An inflammatory polyp is a protuberance extending from the bowel wall in the human digestive system. In nearly all cases, inflammatory polyps are not harmful, though they may be painful. Such polyps quite often go undiagnosed. Even when someone knows he or she has an inflammatory polyp, the best course of action may be to leave it alone unless the polyp begins to cause problems.
All inflammatory polyps have the same basic look, even though they sometimes look similar to other polyps or growths on initial observation. Polyps are elongated growths. They come out from the wall of the bowels in the colon. An inflamed polyp has a rounded head, which usually is the widest portion of the polyp.
If a polyp is inflamed, it will have a whitish appearance. The white may be only in a few spots or may cover the entire polyp. This discoloration is pus — the buildup of white blood cells fighting off the inflammation of the polyp — leaving the polyp. While the thought of pus draining is not pleasant, the process also is not harmful. In fact, the draining may help the polyp improve over time, and people with these draining polyps are not usually aware of what is going on.
Few people who have inflammatory polyps know they have them unless a doctor find the growths during a colonoscopy and reports back to the patient. A colonoscopy is a medical test in which a doctor inserts a small camera tube into the rectum to view the intestines. Doctors may find polyps throughout the intestinal tract but, unless the polyps cause any blockages, the doctor is unlikely to do anything about them. Most doctors simply record the location and size of the polyps and monitor them for changes in any future colonoscopies.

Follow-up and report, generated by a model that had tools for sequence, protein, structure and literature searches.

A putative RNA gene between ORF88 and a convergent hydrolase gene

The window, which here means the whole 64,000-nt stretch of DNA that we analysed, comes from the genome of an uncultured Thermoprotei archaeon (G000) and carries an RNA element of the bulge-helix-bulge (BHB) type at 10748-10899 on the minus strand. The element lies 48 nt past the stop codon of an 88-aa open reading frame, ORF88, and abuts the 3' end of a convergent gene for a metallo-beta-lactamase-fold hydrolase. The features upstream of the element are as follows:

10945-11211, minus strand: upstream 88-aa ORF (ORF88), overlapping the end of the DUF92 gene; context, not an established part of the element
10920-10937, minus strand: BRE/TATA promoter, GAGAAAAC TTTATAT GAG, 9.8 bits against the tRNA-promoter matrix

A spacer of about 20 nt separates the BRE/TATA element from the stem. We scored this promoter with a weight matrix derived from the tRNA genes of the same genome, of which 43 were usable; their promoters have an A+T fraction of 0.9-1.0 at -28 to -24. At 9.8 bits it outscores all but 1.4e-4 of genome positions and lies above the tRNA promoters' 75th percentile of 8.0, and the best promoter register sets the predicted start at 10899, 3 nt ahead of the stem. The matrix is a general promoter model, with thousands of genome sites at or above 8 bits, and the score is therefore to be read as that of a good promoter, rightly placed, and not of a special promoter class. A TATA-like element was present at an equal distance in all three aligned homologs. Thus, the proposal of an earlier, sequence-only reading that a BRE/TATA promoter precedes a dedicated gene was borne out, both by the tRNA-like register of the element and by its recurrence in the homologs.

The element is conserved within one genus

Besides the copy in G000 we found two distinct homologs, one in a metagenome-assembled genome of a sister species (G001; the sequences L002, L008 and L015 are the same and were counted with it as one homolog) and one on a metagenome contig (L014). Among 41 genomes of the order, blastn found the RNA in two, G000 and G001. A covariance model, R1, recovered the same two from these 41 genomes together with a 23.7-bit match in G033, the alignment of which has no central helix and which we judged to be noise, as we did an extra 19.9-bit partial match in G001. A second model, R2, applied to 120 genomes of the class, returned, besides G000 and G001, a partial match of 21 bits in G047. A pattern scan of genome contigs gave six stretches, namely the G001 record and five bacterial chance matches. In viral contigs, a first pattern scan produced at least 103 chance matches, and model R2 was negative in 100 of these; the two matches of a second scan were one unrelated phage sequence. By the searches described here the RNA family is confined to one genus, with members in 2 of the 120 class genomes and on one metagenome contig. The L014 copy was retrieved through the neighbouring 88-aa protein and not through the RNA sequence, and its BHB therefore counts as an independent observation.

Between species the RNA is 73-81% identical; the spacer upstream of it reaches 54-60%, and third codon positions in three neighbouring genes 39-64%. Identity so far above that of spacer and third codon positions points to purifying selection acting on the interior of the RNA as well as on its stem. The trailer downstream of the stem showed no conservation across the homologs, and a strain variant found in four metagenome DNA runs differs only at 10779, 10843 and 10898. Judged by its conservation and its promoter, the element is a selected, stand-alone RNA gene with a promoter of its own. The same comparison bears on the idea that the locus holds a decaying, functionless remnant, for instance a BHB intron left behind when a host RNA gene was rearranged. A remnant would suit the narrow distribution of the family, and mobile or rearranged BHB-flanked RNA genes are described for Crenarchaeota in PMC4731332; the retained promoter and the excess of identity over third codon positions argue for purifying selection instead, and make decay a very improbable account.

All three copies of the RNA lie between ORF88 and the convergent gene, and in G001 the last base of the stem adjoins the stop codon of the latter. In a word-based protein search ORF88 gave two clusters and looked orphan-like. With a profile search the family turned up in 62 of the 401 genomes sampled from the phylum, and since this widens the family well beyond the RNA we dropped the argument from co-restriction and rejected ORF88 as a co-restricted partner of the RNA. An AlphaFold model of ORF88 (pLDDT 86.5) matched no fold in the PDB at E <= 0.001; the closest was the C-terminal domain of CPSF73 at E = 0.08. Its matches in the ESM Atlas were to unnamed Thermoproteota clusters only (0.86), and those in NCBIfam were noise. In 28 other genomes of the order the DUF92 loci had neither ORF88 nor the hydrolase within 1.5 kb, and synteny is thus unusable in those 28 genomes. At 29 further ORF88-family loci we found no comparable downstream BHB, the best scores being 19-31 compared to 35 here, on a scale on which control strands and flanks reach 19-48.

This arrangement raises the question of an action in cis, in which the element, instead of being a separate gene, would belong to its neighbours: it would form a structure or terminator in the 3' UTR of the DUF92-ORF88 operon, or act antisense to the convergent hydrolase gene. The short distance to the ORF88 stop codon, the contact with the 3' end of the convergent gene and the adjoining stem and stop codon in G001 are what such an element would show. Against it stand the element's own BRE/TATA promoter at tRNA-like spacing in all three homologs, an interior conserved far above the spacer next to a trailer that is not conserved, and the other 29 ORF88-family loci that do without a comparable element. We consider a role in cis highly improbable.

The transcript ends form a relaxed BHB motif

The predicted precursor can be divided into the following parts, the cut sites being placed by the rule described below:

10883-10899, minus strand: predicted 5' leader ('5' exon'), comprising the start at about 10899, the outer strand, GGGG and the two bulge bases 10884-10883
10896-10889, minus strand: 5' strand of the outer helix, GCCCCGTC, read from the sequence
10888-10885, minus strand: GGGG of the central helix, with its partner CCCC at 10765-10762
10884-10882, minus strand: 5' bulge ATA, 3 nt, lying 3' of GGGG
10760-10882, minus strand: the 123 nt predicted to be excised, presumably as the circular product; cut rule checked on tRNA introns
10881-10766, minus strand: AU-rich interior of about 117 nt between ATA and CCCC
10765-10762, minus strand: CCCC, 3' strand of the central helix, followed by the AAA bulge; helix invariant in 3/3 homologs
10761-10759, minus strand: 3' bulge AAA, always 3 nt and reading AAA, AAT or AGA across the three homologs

An inflammatory polyp is not a tumor and should not concern patients. These growths do not become malignant, and they can remain unchanged for a long time. The polyps are innocuous in and of themselves, although patients may worry about them. While the polyps themselves do not generally cause any problems, doctors can use their presence to confirm any suspicions of intestinal or bowel disorders, including Crohn’s disease and ulcerative colitis. Almost all people with one of those illnesses will have at least one inflammatory polyp, though the polyps may lie dormant for many years before typically going away on their own.